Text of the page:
FETCH Mentions

Arcade Sushi – Fetch Review


Every once in a while I get to review a game that totally catches me off-guard. I usually try to keep expectations low so that I can properly gauge a game’s merits as objectively as I can. But with that said, I’m afraid I’m also guilty of knee-jerk judgments based on a game’s title and the handful of screenshots that the App Store offers for preview purposes. Most of the time, these snap judgments are right on the money. In Fetch’s case? Well … I was ass-backwards wrong.

Sure, I thought the art from the preview screenshots looked cool, but I was expecting nothing more than a title filled with mini-games that would be fun distractions. I was expecting mediocre fare at a fairly premium price of $4.99. Instead, what I found was an immensely satisfying title with all of the heart of a Pixar film and the interactivity of an old-school adventure game from the days of Sierra.

At it’s heart, Fetch is the story of a boy searching for his missing dog. Strange forces are afoot in this world, which results in our tiny hero’s dog, Lucky, being dognapped by some nefarious robots. What ensues is an adventure across parts unknown to retrieve a boy’s best friend.


The artwork in this game is gorgeous. The environments are so detailed and lush that even the sewers look like a mysterious world that’s meant to be explored. Peppered throughout each screen are points of interactivity that help broaden the experience and let players know more about both the story and the world around them. All you have to do is tap around on the different objects to have the boy use them or pick them up.

See a skull on the floor? Tap on it and then watch it chatter around and flap its jaw. See some bubbles rising out of the muck in the sewers? Pop those bad boys and be rewarded with that gratifying onomatopoeic sound. There’s plenty to touch and you’re welcome to explore, especially since a lot of puzzles need to be solved by interacting with the environment.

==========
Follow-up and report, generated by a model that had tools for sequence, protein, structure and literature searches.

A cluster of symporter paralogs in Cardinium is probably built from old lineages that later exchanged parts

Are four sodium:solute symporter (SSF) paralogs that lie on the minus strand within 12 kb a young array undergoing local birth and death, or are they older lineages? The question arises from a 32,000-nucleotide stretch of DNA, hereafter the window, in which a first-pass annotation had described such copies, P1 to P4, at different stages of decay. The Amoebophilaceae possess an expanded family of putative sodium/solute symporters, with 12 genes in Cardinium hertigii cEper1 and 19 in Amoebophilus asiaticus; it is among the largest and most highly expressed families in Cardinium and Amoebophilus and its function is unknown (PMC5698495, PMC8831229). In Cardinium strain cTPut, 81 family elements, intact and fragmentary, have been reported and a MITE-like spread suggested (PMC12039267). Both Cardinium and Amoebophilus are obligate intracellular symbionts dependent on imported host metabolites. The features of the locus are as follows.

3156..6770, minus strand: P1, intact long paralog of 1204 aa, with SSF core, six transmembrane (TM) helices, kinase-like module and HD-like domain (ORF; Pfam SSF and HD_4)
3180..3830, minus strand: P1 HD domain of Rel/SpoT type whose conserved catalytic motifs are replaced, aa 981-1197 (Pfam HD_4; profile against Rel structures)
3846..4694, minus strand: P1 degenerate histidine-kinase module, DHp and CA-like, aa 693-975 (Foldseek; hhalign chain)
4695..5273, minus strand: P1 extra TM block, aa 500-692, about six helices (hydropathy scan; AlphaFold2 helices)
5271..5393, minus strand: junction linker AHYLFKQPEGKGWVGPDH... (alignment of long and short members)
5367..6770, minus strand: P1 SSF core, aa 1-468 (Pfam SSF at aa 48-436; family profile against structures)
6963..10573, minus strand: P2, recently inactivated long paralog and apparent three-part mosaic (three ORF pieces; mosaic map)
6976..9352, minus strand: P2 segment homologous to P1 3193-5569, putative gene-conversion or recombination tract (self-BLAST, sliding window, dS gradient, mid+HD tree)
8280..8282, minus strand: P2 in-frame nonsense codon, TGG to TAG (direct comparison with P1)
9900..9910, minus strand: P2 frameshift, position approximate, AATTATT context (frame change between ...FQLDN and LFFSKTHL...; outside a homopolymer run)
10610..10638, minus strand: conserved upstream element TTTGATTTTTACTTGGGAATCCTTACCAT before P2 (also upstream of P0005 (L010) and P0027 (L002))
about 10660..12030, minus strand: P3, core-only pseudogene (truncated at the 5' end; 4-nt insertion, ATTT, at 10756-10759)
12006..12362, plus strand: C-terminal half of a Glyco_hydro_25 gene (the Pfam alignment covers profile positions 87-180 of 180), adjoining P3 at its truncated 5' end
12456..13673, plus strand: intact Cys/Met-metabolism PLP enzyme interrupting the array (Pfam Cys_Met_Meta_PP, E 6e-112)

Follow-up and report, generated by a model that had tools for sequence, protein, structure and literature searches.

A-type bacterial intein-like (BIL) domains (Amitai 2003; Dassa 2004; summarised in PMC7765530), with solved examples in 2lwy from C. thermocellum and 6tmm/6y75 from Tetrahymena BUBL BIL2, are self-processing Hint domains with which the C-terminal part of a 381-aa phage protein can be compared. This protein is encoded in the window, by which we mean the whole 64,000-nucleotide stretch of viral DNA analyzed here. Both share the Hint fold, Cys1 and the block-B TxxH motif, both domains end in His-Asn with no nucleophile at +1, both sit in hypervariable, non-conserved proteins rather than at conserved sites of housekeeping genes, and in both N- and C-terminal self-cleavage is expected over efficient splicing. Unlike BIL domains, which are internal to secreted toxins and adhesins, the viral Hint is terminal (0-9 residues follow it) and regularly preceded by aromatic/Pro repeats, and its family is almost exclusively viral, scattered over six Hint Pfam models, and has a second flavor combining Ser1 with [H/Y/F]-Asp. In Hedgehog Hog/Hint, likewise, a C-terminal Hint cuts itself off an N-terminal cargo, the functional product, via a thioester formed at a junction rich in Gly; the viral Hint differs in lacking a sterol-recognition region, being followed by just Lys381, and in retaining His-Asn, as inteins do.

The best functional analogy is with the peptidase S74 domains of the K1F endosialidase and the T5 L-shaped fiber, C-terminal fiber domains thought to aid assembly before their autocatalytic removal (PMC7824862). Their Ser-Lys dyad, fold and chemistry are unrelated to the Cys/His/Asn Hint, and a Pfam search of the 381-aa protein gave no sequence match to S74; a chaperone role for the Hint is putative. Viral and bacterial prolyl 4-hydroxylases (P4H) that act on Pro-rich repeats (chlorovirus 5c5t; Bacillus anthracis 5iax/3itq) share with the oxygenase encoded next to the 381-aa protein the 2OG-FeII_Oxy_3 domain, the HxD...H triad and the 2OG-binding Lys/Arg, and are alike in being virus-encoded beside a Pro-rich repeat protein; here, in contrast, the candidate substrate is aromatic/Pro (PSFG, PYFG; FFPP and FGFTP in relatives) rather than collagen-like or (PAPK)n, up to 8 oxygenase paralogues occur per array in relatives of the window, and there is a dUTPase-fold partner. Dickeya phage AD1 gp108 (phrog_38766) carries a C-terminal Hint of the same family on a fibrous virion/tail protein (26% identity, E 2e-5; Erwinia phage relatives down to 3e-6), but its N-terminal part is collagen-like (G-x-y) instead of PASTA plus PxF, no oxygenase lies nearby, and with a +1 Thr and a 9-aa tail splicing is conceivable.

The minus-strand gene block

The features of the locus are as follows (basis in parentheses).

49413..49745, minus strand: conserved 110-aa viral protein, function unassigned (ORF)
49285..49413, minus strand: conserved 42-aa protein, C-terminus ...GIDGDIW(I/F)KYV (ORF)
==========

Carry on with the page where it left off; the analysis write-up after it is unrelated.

Thankfully, the puzzles aren’t very taxing and never slow down the story or get you stuck. In fact, you can solve them so quickly that you’ll wonder if you somehow skipped a step or two. To break up the tedium of solving environmental riddles back to back, some puzzles require you to play arcade games in order to earn some sort of resource (coins and other prizes), so that you can keep making progress through the game.


The collection of arcade mini-games is a representation of some of the best that casual gaming has to offer and can be pretty damn fun in their own right. In fact, you might like them so much that you’ll want to play them over and over. It should delight you to know that you’ll have access to each unlocked mini-game from the game’s pause menu, so you can take quick arcade breaks while you’re waiting to solve a puzzle, as often as you like.


Continuing through the game is like watching a film. Actually, the game takes a little over an hour to complete, so it’s on par with most movies’ running times. And like I said, it’s got all of the charm of a Pixar flick, which is augmented since you can take the time to really take in the beautiful environments and the artistry that went into crafting them.

You’ll always want to hurry up and solve an area’s challenges just to get to the next screen and see how beautifully-animated it is and discover what kind of quirky characters inhabit it. A personal favorite character of mine is a bored Pirate Boy who has set up a stand in the middle of an island and sells items while looking supremely bored. He also throws swords around to remind himself that he got his own sword stuck in a rock located across a river of piranhas. Fun, right? Oh, and there’s a bird that eats coconuts until he’s so fat that he can be loaded into a catapult.